The submission workflow for new submitters in a DSpace-based institutional repository (IR) is clunky, at best. For example, DSpace organizes content into “Communities” and “Collections” which, by design, require a manager to take (time-intensive, non-immediate) action to authorize a user to become a “Submitter” for a particular community of collection. However, as typical user-experience in web-based deposit systems allows for immediate action and functionality (eg. Dropbox, YouTube, Imgur, etc.), our IR barriers may appear as a turn-off to some users who -- once committed to the task of logging-in and making a submission but are instead denied completion of the transaction at the get-go -- may never return. Therefore, to combat this new-user conundrum, as well as prepare for a new Open Access Policy on campus that went into effect January 1, 2015, the University of Minnesota Libraries set out to improve and test the user experience of our submission workflow and better understand any barriers to upload.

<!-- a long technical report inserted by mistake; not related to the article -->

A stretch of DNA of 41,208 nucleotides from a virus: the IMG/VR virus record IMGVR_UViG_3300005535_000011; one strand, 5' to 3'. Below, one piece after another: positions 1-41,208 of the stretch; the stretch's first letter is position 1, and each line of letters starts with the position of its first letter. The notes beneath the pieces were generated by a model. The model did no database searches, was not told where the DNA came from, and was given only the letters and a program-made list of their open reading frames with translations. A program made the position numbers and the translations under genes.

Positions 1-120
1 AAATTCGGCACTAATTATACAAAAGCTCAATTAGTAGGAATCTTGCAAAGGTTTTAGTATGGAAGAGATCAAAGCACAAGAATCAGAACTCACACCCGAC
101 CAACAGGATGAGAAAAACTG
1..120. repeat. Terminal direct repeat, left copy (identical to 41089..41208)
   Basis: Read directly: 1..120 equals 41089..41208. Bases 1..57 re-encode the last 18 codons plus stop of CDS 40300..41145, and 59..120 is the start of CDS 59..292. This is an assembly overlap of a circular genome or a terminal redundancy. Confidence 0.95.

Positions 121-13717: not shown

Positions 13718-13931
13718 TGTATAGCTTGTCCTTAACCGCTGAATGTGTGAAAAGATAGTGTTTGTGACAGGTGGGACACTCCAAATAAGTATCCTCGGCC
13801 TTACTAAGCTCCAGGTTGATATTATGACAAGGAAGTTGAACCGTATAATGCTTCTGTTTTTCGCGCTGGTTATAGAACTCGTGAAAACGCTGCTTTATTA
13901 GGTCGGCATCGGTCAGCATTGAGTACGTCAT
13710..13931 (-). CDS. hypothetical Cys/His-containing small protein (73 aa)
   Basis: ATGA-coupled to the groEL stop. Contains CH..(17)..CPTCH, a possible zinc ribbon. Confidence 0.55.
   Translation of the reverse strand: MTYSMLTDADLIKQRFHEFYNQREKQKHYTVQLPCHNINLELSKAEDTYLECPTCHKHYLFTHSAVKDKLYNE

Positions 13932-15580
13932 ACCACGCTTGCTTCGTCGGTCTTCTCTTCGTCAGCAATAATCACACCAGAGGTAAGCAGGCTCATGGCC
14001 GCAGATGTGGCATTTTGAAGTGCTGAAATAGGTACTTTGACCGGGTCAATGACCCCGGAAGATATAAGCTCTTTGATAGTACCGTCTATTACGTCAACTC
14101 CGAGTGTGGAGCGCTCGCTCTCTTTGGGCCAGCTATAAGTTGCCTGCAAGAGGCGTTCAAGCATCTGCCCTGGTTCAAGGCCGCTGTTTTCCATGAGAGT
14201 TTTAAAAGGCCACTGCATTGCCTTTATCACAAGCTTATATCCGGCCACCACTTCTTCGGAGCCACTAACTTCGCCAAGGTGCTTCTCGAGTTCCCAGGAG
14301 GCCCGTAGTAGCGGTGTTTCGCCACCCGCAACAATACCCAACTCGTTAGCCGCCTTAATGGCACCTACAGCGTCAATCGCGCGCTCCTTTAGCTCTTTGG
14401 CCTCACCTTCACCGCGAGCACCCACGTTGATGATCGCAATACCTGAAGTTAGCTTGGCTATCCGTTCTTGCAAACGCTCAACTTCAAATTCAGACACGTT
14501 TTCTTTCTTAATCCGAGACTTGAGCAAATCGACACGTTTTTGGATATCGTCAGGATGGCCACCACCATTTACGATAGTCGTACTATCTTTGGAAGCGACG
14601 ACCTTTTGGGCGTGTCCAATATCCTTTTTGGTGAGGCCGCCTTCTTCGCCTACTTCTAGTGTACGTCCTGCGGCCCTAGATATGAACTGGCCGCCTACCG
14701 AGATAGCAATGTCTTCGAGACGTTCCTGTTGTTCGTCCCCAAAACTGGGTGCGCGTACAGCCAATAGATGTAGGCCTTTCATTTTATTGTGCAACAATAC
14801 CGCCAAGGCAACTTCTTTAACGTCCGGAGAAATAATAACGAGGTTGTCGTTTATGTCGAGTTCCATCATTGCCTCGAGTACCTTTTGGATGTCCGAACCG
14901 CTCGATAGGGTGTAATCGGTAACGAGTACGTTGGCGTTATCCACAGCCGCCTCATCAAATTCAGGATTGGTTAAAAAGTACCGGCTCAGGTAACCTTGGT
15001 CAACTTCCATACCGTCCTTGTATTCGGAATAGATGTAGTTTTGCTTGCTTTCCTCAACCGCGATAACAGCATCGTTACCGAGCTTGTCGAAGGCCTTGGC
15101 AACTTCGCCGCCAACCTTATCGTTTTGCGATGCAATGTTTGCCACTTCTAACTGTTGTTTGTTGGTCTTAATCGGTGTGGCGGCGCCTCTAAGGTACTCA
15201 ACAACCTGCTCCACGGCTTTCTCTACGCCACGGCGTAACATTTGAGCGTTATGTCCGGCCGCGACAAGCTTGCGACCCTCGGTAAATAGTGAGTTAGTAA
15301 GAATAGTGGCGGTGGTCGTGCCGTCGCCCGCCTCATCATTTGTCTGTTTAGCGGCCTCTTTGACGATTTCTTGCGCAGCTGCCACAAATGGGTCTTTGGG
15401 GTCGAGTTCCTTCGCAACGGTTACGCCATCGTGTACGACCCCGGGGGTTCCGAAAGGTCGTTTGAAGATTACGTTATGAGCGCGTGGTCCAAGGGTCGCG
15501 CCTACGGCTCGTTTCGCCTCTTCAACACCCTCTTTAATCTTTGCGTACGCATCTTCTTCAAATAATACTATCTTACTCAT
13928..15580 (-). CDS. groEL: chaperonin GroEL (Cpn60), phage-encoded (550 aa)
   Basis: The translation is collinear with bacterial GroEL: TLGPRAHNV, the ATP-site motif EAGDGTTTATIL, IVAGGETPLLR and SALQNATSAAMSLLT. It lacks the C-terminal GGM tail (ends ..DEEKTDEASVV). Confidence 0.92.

24x7: A Page-Turning Document Viewer for DSpace using FlexPaper
Georgetown University Library, United States of America
In order to properly present special collections materials such as rare books, DigitalGeogretown required a page-turning document viewer for DSpace. A number of document viewer solutions exist, but few solutions simulated page turning. FlexPaper was chosen as a solution, and it has provided an elegant solution to this problem: https://repository.library.georgetown.edu/handle/10822/559458